In rare cases, some people may experience more extensive hair loss. This is usually an indication of another type of alopecia, such as:

  • alopecia totalis, which is the loss of all hair on the scalp
  • alopecia universalis, which is the loss of all hair on the entire body

Doctors might avoid using the terms “totalis” and “universalis” because some people may experience a degree of hair loss between the two conditions. For example, it’s possible to lose all hair on the arms, legs, and scalp, but not on the chest.

The hair loss associated with alopecia areata is unpredictable, and as far as doctors and researchers can tell. The hair may grow back at any time and then may fall out again. The extent of hair loss and regrowth varies greatly from person to person.

Children can develop alopecia areata. However typical onset is between 25 and 36 years old.

While there is some hereditary component to alopecia areata, parents with the condition don’t always pass it on to their children. Likewise, children with this type of hair loss may not have a parent who has it.

In addition to hair loss, children may experience nail defects, such as pitting or lesions. Adults may experience this additional symptom, too, but it’s likely more common in children.

According to the NAAF, children younger than 5 years old typically don’t experience much of an emotional impact from alopecia. However, after age 5, hair loss can be traumatizing for young children as they start noticing differences in their hair compared with others.

If your child appears stressed or depressed, ask a pediatrician about supportive resources like recommending a counselor experienced in working with children.

Several types of alopecia areata exist. Each type is characterized by the extent of hair loss and other symptoms you may be experiencing. Each type may also have a slightly different treatment and prognosis.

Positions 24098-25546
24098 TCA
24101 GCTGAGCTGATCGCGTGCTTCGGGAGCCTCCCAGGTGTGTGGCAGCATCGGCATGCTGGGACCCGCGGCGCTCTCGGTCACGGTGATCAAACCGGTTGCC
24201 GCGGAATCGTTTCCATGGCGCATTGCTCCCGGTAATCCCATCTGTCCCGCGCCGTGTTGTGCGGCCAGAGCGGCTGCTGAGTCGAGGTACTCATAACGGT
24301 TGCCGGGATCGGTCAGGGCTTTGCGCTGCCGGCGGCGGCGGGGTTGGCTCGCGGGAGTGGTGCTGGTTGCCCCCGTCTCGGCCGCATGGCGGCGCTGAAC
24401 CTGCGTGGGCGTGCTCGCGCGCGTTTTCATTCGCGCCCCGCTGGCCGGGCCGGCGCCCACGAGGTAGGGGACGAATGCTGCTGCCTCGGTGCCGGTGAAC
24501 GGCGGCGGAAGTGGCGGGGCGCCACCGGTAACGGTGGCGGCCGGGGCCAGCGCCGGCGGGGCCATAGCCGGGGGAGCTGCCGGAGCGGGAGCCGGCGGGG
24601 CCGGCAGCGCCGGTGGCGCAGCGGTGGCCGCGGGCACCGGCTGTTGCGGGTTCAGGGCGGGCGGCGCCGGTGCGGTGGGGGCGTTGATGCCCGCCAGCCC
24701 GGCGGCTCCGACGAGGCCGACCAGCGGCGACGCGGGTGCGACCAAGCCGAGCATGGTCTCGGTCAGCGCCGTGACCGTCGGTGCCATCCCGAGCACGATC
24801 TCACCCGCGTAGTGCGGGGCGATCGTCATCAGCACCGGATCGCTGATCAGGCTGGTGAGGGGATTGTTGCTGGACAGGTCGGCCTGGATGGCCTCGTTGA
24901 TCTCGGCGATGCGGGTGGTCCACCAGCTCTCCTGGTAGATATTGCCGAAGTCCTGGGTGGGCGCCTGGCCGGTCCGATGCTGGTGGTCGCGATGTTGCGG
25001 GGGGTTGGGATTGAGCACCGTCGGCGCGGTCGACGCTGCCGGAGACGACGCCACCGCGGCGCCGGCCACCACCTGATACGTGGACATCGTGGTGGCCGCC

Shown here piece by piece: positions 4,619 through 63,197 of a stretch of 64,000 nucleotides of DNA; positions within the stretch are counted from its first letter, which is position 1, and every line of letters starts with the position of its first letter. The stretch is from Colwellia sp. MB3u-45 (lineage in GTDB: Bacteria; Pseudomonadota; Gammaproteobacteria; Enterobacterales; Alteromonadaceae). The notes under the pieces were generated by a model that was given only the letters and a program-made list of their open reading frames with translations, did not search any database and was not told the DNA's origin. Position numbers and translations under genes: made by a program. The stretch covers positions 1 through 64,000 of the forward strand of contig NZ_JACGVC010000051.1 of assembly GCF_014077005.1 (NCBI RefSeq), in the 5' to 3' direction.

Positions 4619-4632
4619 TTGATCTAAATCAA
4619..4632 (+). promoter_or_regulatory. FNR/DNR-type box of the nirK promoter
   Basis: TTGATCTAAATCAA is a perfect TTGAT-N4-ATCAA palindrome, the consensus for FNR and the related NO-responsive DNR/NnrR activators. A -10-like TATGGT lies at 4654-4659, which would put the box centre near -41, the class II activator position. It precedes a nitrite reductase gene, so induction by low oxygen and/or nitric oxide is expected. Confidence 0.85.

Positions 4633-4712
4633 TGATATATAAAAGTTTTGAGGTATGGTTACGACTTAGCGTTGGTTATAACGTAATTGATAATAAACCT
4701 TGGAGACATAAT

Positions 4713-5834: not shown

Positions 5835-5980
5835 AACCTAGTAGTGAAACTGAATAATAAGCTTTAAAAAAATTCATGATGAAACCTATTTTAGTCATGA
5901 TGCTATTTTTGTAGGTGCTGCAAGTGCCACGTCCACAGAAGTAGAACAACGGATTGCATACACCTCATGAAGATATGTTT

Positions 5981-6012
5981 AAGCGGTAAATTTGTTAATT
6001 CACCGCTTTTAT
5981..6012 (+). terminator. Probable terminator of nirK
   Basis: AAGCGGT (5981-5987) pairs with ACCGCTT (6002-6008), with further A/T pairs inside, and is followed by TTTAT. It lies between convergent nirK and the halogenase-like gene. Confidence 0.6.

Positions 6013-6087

Alopecia areata (patchy)

The main characteristic of the patchy type of alopecia areata is one or more coin-sized patches of hair loss on the skin or body. If this condition expands, it may become alopecia totalis or alopecia universalis.

Alopecia totalis

Alopecia totalis occurs when you have hair loss across the entire scalp.

Alopecia universalis

In addition to losing hair on the scalp, people with alopecia universalis also lose all hair on the face — eyebrows and eyelashes. Alopecia universalis causes total body hair loss.

Diffuse alopecia areata

Also called alopecia areata incognitaTrusted Source, diffuse alopecia areata may look a lot like female- or male-pattern hair loss. It results in sudden and unexpected thinning of hair all over the scalp, not in just one area or patch.

Ophiasis alopecia

Hair loss that follows a band along the sides and lower back of the scalp is called ophiasis alopecia.

A doctor may be able to diagnose alopecia areata simply by looking at the extent of your hair loss and examining a few hair samples under a microscope.

Your doctor may order a scalp biopsy to rule out other conditions that cause hair loss, including fungal infections like tinea capitis. During a scalp biopsy, the healthcare professional will remove a small piece of skin on your scalp for analysis.

Blood tests might be ordered if the doctor suspects other autoimmune conditions.

The specific blood test performed depends on the particular disorder the doctor suspects.

However, a doctor will likely order tests to check for the presence of one or more abnormal antibodies. If these antibodies are found in your blood, it may mean that you have an autoimmune disorder. Depending on findings, additional tests may be ordered to rule out other conditions, such as thyroid problems or hormonal imbalances.

If you’re experiencing hair loss, speak with a doctor to learn more and find out what treatment options are available.